The City of Lethbridge operates a rattlesnake mitigation program that is in place to reduce the number of people/pet and snake encounters in Lethbridge.
Each year between April and October, when rattlesnakes are out of hibernation, we contract Ryan Heavyhead, our rattlesnake consultant, to relocate rattlesnakes on public or private property where there is a concern for public safety.
The snakes are relocated from an area of conflict, back to their permanent natural habitat (their den site/wintering/birthing grounds) and away from people/pet conflict. This process is strictly regulated by Fish & Wildlife and the City of Lethbridge has a research permit to conduct these activities.
The Province of Alberta Wildlife Act prohibits anyone from owing/harassing wildlife, including rattlesnakes and bull snakes, so the City of Lethbridge provides this mitigation program to encourage residents to phone for help instead of trying to move rattlesnakes themselves.
It is also illegal to kill rattlesnakes, possess rattlesnakes or their parts, or damage denning areas. There are significant charges and fines for killing a rattlesnake in Alberta.
To have a rattlesnake relocated from an urban area, please call 403 332 6806
(Phone number is not in use during winter months while the snakes are hibernating).
To report rattlesnake sightings, please contact the Helen Schuler Nature Centre at 403 320 3064.
Residents may encounter prairie rattlensakes when exploring our coulees or occasionally in urban areas. The information that follows is intended to help people co-exist safely with these shy creatures.
Where Do They Live?
Prairie rattlesnakes are more common in southeastern Alberta and parts of Saskatchewan. Here in Lethbridge, they reach the northwestern limit of their range. The majority of rattlesnake sightings are in West Lethbridge although snakes have been observed in the coulee areas on the east side of the Oldman River. The most common areas for sightings are:
- Paradise Canyon and surrounding area
- Popson Park and Cottonwood Park Nature Reserve
- University of Lethbridge
- Bridge Drive
Rattlesnakes spend much of their time on dry coulee slopes but will wander into cottonwood forests and wetlands in search of food. The benchland, or top of coulees where housing subdivisions now sit, were once critical summer habitat for these snakes. Rattlesnakes also enjoy sunning themselves on paved paths, so it is not uncommon to see them on pathways in RiverStone and other west Lethbridge neighbourhoods.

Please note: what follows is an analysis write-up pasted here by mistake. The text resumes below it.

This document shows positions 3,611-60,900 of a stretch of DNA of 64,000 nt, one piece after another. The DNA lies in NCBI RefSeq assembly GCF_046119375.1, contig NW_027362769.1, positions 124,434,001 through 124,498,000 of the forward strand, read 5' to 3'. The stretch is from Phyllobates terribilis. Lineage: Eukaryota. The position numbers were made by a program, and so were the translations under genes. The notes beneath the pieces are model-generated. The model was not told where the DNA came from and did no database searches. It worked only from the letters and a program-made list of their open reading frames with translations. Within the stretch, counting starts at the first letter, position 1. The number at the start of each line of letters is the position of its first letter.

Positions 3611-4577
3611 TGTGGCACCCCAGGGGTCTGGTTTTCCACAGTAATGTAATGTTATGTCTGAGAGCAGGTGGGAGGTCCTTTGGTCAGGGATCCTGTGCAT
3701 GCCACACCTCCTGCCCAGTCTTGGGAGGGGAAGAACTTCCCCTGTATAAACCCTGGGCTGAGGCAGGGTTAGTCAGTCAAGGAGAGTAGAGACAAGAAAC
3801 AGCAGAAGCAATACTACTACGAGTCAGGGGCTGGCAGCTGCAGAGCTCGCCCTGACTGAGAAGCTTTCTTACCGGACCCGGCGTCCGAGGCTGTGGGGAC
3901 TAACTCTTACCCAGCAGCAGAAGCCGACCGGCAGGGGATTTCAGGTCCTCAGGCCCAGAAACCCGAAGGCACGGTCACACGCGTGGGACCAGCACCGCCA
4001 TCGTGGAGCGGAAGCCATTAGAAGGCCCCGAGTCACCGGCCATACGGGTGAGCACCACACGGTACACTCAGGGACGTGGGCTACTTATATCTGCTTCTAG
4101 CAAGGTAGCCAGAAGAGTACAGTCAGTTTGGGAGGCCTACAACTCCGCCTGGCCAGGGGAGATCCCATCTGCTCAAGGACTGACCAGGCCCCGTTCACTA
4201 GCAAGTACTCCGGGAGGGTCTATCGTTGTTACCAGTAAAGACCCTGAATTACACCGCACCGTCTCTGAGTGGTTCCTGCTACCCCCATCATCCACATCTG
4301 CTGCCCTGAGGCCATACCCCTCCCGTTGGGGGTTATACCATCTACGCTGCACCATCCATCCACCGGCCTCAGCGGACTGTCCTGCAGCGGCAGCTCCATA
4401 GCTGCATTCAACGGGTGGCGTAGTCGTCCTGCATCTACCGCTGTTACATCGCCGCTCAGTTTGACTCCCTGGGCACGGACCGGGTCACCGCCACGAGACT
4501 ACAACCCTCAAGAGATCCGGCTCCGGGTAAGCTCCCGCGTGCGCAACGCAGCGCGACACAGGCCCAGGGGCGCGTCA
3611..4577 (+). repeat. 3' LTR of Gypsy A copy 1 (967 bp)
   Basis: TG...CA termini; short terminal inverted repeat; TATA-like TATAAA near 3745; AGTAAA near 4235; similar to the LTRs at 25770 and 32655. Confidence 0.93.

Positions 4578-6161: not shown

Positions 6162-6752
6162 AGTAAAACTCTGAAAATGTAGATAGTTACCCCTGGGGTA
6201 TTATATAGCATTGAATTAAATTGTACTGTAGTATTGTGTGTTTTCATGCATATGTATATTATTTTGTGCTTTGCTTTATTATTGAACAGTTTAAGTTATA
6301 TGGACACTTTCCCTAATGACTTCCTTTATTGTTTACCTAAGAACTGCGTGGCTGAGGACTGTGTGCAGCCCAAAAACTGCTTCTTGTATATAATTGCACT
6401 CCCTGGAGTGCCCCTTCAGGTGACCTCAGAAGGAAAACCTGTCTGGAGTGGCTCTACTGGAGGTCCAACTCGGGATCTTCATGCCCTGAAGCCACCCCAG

How to Avoid Encountering a Rattlesnake
Rattlesnakes are masters of camouflage. Make sure you remain alert and aware of your surroundings when hiking in the coulees, especially when you are in the natural areas of west Lethbridge. We recommend staying on established trails.
Your first indication of a nearby rattlesnake may be the rasp of its rattle. This is the snake's way of getting your attention to warn you of its presence. That being said, rattlesnakes will not
always alert people of their presence. Their first strategy is to rely on their
camouflage. For this reason, residents need to maintain awareness while they're moving in and around
Do not step or jump over large rocks and logs without checking to see what is on the other side. Rattlesnakes can feel the vibration of your footsteps through the ground.
- Keep your dog on a leash. A snake will likely defend itself by striking a dog that ignores the warning signs.
- If you are hiking in the coulees, always wear pants and sturdy footwear.
- Always pay attention to the ground in front of your feet. Be snake aware.
If You Encounter a Rattlesnake…
Back away slowly. Remain calm. Give the snake space.
Rattlesnakes are not aggressive and given a choice will retreat rather than strike. However, if surprised, stepped on or cornered, they can strike up to a distance about half of their length. People should never
run when encountering a snake as there may be more than one in the immediate
It is estimated that up to 20% of their bites are dry (no venom is injected). Prairie rattlesnake venom is not particularly lethal and no one has died from a prairie rattlesnake bite in Alberta. Almost every year dogs are bitten by rattlesnakes in Lethbridge. They usually recover after several days of treatment with steroids and antibiotics.
What to Do If Bitten By a Rattlesnake…
Remain calm and get to the hospital as soon as possible. Do not try to suck or cut the venom out – it is very quickly absorbed into the bloodstream. Early treatment of rattlesnake bites will normally result in a complete recovery. Contact a veterinarian as soon as possible if your pet has been bitten.
Snake Barrier Fencing
Residents may encounter snakes in their yards. For some this may be a great learning experience, and for others it may be a most unpleasant and dreaded encounter. Some residents may want to snake-proof their entire yard, or perhaps only a vegetable garden or an area where children play. Any of these options can be accomplished with snake barrier fencing.
Click here for more information about snake barrier fencing from the South Okanagan-Similkameen Stewardship Program.
Who to Call?
If you require further information about rattlesnakes:
Helen Schuler Nature Centre: 403 320 3064
Alberta Fish and Wildlife: 403 381 5266
To have a rattlesnake relocated from an urban or recreational area, please call 403 332 6806 (Phone number is not in use during winter months while the snakes are hibernatings).